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WRITTEN WITH A PENCIL

OVER THE CHIMNEY-PIECE, IN THE PARLOUR OF

THE INN AT KENMORE, TAYMOUTH.

ADMIRING Nature in her wildest grace,
These northern scenes with weary feet I trace;
O’er many a winding dale and painful steep,
Th’ abodes of covey'd grouse and timid sheep,
My savage journey, curious, I

pursue,
Till fam’d Breadalbane opens to my view.-
The meeting cliffs each deep-sunk glen divides,
The woods, wild scatter'd, clothe their ample sides :
Th’ outstretching lake embosom’d ʼmong the hills,
The eye with wonder and amazement fills ;
The Tay meand'ring sweet in infant pride,
The palace rising on his verdant side;
The lawns wood-fring'd in Nature's native taste;
The hillocks dropt in Nature's careless haste;
The arches striding o'er the new-born stream;
The village, glittering in the noon-tide beam-

* * * * * * *

Poetic ardours in my bosom swell,
Lone wand'ring by the hermit's mossy cell;
The sweeping theatre of hanging woods;
Th’ incessant roar of headlong tumbling floods-

* * * * * * *

Here Poesy might wake her heav'n-taught lyre,
And look through nature with creative fire;

Here, to the wrongs of fate half reconcil'd,
Misfortune's lighten'd steps might wander wild;
And Disappointment, in these lonely bounds,
Find balm to soothe her bitter rankling wounds:
Here heart-struck Grief might heav'nward stretch her

scan,
And injur'd Worth forget and pardon man.

***

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STANDING BY THE FALL OF FYERS, NEAR LOCH-NĒSS.

mossy floods;

Among the heathy hills and ragged woods slim
The roaring Fyers pours

his Till full be dashes on the rocky mounds, Where, through a shapeless breach, his stream re

sounds. As high in air the bursting torrents flow, As deep recoiling surges foam below, Prone down the rock the whitening sheet descends, And viewless echo's ear, astonish'd, rends. Dim-seen, through rising mists and ceaseless show'rs, The hoary cavern, wide-surrounding, low'rs. Still thro' the gap the struggling river toils," And still below the horrid cauldron boils : N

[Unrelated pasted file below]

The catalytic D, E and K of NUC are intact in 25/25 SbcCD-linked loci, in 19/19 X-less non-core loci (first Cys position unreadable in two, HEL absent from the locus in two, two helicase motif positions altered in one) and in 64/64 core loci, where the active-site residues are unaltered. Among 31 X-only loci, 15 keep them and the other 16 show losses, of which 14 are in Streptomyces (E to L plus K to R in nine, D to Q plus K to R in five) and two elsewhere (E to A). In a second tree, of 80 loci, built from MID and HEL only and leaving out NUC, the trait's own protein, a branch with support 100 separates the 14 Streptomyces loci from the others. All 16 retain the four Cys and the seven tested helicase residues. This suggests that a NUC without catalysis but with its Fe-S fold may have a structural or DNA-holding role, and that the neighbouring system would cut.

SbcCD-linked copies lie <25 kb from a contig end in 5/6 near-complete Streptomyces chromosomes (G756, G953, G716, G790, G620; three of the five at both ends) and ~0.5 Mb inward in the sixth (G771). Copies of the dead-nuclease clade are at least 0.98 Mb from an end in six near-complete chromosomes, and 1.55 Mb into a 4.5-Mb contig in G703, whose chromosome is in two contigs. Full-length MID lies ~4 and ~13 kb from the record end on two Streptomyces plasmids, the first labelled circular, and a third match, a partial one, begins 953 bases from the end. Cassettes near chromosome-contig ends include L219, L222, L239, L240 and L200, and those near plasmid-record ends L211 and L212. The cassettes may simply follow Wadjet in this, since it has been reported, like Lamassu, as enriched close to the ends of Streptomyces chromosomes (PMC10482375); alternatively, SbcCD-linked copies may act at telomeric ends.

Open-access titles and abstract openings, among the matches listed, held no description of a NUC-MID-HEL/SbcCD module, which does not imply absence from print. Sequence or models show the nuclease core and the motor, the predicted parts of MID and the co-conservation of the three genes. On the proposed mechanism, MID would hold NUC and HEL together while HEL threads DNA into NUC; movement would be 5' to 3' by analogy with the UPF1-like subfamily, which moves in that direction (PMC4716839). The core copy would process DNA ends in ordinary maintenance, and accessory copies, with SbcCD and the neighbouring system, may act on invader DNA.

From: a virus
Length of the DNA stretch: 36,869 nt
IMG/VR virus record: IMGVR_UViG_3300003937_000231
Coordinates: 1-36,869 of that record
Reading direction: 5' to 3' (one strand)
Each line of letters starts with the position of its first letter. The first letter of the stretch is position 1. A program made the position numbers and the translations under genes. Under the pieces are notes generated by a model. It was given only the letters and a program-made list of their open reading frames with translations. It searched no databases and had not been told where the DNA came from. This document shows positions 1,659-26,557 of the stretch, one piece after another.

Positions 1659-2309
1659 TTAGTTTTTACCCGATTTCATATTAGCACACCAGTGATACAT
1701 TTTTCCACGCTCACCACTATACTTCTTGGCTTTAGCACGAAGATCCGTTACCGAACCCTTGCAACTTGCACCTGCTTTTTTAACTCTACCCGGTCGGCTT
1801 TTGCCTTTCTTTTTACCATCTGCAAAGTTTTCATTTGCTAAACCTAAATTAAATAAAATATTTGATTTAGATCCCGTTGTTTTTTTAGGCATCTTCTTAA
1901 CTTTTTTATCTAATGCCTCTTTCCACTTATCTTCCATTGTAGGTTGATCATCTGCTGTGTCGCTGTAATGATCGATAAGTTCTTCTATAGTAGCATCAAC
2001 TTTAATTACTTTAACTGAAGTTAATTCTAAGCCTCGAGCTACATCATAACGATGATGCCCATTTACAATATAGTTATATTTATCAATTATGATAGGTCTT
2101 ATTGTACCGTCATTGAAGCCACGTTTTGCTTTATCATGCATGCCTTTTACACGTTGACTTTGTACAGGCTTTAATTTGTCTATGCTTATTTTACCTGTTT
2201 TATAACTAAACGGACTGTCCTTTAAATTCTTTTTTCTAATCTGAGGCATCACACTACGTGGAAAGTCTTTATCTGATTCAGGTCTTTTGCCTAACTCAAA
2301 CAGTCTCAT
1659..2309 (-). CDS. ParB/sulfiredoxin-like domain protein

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ON THE

BIRTH OF A POSTHUMOUS CHILD,

PORN IN PECULIAR CIRCUMSTANCES OF FAMILY

DISTRESS.

Sweet Flow’ret, pledge o' meikle love,

And ward o'mony a pray'r,
What heart o'stane wad thou na move,

Sae helpless, sweet, and fair!
November hirples o'er the lea,

Chill, on thy lovely form;
And gane, alas! the shelt'ring tree,

Should shield thee frae the storm.

May He who gies the rain to pour,

And wings the blast to blaw,
Protect thee frae the driving show'r,

The bitter frost and snaw!
May He, the friend of woe and want,

Who heals life's various stounds,
Protect and guard the mother plant,

And heal her cruel wounds! But late she flourish

rooted fast,
Fair on the summer morn:
Now feebly bends she in the blast,

Unshelter'd and forlorn.
Blest be thy bloom, thou lovely gem,

Unscath'd by ruffian hand!
And from thee many a parent stem

Arise to deck our land.

THE WHISTLE.

A BALLAD.

As the authentic prose history of the Whistle is curious, I shall here

give it.- In the train of Anne of Denmark, when she came to Scotland with our James the Sixth, there came over also a Danish gentleman of gigantic stature and great prowess, and a matchless champion of Bacchus. He had a little ebony Whistle, which at the commencement of the orgies he laid on the table, and whoever was last able to blow it, every body else being disabled by the potency of the bottle, was to carry off the Whistle as a trophy of victory. The Dane produced credentials of his victories, without a single defeat, at the courts of Copenhagen, Stockholm, Moscow, Warsaw, and several of the petty courts in Germany; and challenged the Scots Bacchanalians to the alternative of trying his prowess, or else of acknowledging their inferiority.—After many overthrows on the part of the Scots, the Dane was encountered by Sir Robert Lawrie of Maxwelton, ancestor of the present worthy baronet of that name; who, after three days and three nights, hard contest, left the Scandinavian under the table,

And blew on the Whistle his requiem shrill. Sir Walter, son to Sir Robert before mentioned, afterwards lost the Whistle to Walter Riddel of Glenriddel, who had married a sister of Sir Walter's.-On Friday, the 16th of October, 1790, at Friars-Carse the Whistle was once more contended for, as related in the ballad, by the present Sir Robert Lawrie of Maxwelton; Robert Riddel, Esq. of Glenriddel, lineal descendant and representative of Walter Riddel, who won the Whistle, and in whose family it had continued; and Alexander Ferguson, Esq. of Craig. darroch, likewise descended of the great Sir Robert; which last gentleman carried off the hard-won honours of the field.

I sing of a Whistle, a Whistle of worth,
I sing of a Whistle, the pride of the north,
Was brought to the court of our good Scottish king,
And long with this Whistle all Scotland shall ring.

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